The site had been the castle of the lords of Heverlee since the 12th century, but this family became impoverished and had to sell the site in 1445 to the Croÿ family from Picardy. Willem van Croÿ added to the medieval castle, and donated the Celestine monastery in the castle grounds, now the campus library. Antoon van Croy demolished the medieval castle and completed the current castle in 1515 on the site of a medieval castle, of which he destroyed all but one tower. The architectural style is in large part traditionally Flemish, with sandstone window frames and brick walls, though it has been structurally altered since 1515 and has elements of Gothic, Renaissance and Neo Gothic architecture. Its large corner towers are typical, once surmounted by a German eagle.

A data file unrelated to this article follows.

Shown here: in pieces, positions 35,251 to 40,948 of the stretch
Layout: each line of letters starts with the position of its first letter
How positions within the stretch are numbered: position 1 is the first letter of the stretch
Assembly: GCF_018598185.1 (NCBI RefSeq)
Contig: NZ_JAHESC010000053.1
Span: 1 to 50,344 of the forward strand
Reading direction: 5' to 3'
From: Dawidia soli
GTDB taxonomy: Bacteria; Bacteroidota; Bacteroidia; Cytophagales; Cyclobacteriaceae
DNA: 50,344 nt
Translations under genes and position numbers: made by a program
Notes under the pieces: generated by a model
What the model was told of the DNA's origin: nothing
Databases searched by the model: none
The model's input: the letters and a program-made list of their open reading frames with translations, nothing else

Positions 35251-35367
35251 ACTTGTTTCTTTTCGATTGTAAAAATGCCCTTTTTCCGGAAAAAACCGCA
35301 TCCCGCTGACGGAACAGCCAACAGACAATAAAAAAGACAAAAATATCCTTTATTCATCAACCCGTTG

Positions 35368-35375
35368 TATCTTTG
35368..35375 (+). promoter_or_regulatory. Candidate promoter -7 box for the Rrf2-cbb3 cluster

Charles III of Croy was the last duke, and after his death in 1612 without issue the castle passed to the Arenberg family into which his sister had married, and remained in that family until the First World War. The first manned gas-filled balloon flight in history took off from the front lawn of the castle on November 21 1783; the balloonist was professor Jan Pieter Minckeleers.Шаблон:Fact Even before the war, the former duke wanted to sell the castle and its grounds to the Catholic University of Leuven, for a reasonable price. However, the castle and park were instead seized by the Belgian government on the outbreak of war and thus it took until 1921 for the university to acquire them, becoming an expanded natural sciences and engineering campus in the style of that of an American university. It is still one of the main campuses of the University, providing facilities for most of the exact sciences. The castle itself is the main building of the Faculty of Engineering and is open to the public.